They may bore most football fans, but I love field goals. Especially that one moment where the two referees under the goalposts eye each other, ensuring that they're making the right call as the ball sails over their heads.

Good? No good? Let's make sure we're on the same page, or we'll look like incompetent zebras.

Maybe Home Depot (NYSE:HD) and Lowe's (NYSE:LOW) should go to officiating school. While Lowe's is crossing its hands to make the "no good" signal, Home Depot is reaching for the sky.

A slow and steady year ahead
Lowe's expansion plans for 2009, announced this morning, call for just 75-85 new stores. That's far less than the roughly 120 stores that the company will open this year. I believe this is the right approach, given uncertain demand in the moribund housing industry and the stingy lending practices that will likely delay home makeovers.

Ahead of an annual conference with analysts and investors today, the home-improvement superstore is upbeat about its future. Still, Lowe's prefers to point to long-term goals, like doubling its profitability over five years, or its goal of bouncing back after the current housing cycle runs its course.

No deadlines. No false hope.

Meanwhile, in the orange corner ...
Stack that up against Home Depot CEO Frank Blake's decision to point to the fence while speaking at a Goldman Sachs retail conference this month.

"We don't think we're at the bottom yet, but we think you can see it from here," he said, pointing out that the market will remain "under pressure certainly through the rest of this year and probably into the beginning part of 2009."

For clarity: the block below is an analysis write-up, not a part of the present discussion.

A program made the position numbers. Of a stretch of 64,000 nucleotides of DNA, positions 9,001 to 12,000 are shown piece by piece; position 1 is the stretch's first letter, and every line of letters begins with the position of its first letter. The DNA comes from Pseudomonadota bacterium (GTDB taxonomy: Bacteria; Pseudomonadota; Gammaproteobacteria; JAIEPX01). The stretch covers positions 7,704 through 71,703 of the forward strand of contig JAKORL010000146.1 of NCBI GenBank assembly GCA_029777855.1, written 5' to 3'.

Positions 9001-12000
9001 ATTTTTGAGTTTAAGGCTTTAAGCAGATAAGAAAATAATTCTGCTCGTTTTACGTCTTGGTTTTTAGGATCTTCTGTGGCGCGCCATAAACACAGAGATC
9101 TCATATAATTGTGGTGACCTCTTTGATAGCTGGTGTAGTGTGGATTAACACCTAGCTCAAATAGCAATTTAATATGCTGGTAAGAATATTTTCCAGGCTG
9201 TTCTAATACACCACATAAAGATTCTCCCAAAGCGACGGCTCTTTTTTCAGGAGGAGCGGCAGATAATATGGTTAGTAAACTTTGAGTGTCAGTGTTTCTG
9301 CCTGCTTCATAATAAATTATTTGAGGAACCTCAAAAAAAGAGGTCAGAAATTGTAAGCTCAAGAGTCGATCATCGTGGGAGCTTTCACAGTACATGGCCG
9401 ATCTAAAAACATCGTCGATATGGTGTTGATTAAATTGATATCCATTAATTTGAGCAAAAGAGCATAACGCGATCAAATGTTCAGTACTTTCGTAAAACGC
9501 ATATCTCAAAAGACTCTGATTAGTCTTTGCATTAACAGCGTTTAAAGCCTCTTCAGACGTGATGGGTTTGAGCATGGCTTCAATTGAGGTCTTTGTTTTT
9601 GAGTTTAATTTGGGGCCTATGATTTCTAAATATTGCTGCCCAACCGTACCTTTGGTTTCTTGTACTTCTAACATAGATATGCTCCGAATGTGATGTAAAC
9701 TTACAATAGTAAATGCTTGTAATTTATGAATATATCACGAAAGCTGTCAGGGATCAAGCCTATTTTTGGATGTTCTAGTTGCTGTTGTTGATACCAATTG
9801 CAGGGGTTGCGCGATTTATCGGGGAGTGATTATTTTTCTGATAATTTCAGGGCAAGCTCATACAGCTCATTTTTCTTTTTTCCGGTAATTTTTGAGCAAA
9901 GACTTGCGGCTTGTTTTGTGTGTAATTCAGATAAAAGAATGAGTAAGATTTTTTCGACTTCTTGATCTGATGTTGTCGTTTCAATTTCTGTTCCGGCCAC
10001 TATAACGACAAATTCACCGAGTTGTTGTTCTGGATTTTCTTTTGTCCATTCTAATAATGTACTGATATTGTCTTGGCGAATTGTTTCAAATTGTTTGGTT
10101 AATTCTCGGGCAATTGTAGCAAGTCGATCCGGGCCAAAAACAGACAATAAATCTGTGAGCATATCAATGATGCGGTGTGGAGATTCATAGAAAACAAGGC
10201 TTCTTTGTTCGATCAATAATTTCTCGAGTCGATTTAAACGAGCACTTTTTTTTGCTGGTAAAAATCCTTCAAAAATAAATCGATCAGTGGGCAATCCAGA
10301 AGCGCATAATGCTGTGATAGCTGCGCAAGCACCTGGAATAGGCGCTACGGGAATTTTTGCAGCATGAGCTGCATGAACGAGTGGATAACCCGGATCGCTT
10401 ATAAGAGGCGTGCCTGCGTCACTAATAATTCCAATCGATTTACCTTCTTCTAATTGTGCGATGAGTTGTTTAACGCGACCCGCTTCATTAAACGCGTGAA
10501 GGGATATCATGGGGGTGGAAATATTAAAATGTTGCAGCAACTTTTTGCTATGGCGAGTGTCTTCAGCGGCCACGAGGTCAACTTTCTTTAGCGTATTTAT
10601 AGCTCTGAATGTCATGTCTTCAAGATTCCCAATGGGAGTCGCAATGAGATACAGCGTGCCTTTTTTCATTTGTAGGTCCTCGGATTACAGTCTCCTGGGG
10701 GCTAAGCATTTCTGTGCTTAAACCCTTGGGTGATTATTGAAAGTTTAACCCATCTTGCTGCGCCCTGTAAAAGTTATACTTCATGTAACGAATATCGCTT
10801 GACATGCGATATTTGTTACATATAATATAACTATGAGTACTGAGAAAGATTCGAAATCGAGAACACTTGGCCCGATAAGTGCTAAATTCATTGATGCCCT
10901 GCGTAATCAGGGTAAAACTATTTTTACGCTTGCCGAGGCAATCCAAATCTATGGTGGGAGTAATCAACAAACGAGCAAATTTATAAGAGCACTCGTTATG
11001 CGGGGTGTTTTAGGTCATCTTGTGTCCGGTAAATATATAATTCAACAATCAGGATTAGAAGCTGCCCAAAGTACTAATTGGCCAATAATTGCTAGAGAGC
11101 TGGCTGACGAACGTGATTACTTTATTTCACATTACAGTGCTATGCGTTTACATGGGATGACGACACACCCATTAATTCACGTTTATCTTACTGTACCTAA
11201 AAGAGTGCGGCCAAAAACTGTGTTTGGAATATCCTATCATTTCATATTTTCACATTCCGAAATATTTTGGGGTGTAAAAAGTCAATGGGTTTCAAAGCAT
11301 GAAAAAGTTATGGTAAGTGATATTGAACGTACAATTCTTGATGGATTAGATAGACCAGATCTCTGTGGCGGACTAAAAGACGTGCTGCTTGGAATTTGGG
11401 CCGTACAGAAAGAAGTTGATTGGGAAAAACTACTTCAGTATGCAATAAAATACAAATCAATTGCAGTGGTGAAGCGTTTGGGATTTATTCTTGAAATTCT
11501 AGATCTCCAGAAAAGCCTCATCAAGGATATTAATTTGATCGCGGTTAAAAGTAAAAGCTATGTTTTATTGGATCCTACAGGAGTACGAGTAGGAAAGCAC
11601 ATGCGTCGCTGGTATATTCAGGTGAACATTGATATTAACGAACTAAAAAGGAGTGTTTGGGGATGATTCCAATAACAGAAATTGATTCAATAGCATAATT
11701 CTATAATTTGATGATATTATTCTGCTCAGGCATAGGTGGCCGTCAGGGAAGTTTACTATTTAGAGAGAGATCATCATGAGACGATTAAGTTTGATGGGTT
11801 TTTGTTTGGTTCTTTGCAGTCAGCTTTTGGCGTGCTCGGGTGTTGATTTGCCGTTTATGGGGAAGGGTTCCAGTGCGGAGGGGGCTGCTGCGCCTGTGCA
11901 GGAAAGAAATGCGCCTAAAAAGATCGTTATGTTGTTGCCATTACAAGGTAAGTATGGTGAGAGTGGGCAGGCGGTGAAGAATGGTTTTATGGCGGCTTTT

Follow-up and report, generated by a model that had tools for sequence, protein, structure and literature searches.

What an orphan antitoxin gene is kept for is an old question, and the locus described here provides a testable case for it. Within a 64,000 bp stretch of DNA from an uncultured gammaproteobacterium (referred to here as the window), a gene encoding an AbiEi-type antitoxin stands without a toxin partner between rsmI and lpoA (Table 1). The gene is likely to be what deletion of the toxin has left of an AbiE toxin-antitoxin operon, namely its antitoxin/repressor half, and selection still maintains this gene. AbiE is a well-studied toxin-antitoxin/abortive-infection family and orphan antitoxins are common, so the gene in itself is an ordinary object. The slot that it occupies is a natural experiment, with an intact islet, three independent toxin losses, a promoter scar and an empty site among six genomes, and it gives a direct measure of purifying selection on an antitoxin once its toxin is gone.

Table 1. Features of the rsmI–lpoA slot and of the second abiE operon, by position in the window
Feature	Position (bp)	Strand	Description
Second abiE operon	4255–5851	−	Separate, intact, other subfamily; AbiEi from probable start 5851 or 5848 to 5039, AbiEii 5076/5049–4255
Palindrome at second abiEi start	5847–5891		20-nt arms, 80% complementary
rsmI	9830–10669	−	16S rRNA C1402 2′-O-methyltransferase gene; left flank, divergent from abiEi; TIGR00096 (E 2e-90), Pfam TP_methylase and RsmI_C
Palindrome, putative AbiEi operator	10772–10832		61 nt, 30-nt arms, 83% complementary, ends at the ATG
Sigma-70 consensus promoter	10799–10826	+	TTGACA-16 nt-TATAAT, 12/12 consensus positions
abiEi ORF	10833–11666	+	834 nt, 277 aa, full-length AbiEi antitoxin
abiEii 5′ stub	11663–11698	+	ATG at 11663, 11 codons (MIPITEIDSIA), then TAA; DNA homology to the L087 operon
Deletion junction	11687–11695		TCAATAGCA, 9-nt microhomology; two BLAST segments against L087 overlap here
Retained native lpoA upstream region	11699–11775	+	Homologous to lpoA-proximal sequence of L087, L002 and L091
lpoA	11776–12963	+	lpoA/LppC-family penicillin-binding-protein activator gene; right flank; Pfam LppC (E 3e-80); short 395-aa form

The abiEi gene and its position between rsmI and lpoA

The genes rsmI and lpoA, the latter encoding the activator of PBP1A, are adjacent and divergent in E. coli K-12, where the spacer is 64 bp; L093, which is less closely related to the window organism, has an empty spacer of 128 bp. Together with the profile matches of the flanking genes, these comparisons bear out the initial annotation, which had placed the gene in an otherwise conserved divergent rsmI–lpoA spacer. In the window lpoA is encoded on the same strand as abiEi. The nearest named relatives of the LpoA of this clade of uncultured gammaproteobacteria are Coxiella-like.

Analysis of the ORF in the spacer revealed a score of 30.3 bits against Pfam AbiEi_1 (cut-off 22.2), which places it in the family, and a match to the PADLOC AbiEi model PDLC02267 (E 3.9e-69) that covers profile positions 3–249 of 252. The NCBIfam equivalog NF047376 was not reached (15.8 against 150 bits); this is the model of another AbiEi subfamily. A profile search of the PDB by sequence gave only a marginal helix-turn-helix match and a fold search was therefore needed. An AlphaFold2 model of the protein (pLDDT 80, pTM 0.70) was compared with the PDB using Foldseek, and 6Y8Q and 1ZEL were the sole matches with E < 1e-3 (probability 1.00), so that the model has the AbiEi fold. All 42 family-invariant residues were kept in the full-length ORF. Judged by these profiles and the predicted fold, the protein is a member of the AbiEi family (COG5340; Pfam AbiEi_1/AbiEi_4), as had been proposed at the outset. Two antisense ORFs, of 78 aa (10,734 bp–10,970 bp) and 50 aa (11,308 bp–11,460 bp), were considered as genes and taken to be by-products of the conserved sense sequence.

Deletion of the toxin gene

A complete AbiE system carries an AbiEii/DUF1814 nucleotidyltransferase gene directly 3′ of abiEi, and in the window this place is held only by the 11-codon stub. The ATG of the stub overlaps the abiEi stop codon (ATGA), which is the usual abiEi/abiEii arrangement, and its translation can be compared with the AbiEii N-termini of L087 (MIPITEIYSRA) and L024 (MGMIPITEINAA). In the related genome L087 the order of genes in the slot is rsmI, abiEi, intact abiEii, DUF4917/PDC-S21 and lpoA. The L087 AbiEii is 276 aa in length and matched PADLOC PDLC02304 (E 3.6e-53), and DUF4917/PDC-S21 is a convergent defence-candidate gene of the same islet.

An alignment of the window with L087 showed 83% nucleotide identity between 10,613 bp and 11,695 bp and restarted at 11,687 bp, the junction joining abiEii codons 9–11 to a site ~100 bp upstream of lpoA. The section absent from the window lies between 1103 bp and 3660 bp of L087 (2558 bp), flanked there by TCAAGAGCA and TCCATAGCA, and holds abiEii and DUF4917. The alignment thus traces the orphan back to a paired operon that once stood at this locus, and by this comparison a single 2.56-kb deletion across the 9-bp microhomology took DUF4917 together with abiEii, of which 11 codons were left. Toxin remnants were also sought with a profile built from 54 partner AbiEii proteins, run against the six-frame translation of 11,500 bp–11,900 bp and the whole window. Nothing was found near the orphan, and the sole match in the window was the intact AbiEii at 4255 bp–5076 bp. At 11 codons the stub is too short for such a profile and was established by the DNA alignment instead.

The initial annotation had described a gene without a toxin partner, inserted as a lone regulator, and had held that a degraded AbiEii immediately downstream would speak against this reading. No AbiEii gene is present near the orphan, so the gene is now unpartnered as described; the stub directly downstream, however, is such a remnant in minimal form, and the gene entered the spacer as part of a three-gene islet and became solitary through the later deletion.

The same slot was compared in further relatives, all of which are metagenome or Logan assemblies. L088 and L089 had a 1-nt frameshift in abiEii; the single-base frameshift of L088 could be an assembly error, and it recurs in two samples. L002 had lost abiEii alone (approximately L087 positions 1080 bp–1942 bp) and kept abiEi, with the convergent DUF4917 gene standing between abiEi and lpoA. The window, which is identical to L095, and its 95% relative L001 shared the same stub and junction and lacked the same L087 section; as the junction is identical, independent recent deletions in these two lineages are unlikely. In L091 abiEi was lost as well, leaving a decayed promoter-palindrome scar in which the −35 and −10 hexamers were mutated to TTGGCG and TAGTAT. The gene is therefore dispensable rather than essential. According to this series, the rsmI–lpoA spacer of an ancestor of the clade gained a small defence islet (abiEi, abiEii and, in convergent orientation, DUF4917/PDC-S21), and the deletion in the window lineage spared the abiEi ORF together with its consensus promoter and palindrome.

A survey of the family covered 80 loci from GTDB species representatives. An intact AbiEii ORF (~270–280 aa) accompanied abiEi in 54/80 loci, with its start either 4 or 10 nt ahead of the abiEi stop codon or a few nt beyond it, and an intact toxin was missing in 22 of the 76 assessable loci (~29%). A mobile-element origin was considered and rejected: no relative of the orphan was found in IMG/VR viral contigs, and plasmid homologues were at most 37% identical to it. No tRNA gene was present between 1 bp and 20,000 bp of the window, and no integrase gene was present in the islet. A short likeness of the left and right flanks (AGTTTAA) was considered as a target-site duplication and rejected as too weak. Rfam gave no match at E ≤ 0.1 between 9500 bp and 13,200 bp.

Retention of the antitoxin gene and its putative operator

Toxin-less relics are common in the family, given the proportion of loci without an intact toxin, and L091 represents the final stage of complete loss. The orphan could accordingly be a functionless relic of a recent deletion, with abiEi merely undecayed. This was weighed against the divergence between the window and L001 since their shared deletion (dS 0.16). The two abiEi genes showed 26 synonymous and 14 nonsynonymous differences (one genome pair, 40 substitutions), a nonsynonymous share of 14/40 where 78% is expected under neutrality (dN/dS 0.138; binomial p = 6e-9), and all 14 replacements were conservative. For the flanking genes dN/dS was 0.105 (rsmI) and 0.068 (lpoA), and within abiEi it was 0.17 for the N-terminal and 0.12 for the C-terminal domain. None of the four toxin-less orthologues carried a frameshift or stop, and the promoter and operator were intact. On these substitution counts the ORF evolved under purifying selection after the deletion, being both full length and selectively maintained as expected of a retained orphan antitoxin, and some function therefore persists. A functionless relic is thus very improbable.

See the difference? Home Depot is getting investors pumped with the "light at the end of the tunnel" rhetoric, but Lowe's is being realistic. You see the practicality in Lowe's profit guidance this morning. The company aims to earn between $1.40 a share and $1.65 a share next year, essentially flattening the tighter $1.48-to-$1.56-per-share range it expects for 2008.

Home Depot's comments resembled those of Toll Brothers (NYSE:TOL) CEO Robert Toll, who said that "we may be seeing a floor" during his quarterly conference call, nearly two years ago. We're not even close to that floor today.

Sure, Home Depot and Lowe's will bounce back before real estate developers do. However, the same can be said for premium bedding specialists like Tempur-Pedic (NYSE:TPX) and Select Comfort (NASDAQ:SCSS), or furniture specialists like Hooker Furniture (NASDAQ:HOFT) and Ethan Allen (NYSE:ETH).

Any recovery for these companies hinges on getting the economy on track. In that light, Lowe's made the right call. Home Depot, get your arms down -- when the economy's still kicking with a bum leg, there's no way that call can be good. 

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Longtime Fool contributor Rick Munarriz has nothing against orange aprons, as long as they don't make him feel itchy. Hdoes not own shares in any of the stocks in this story, save for Select Comfort. Rick is also part of the Rule Breakers newsletter research team, seeking out tomorrow's ultimate growth stocks a day early. The Fool has a disclosure policy.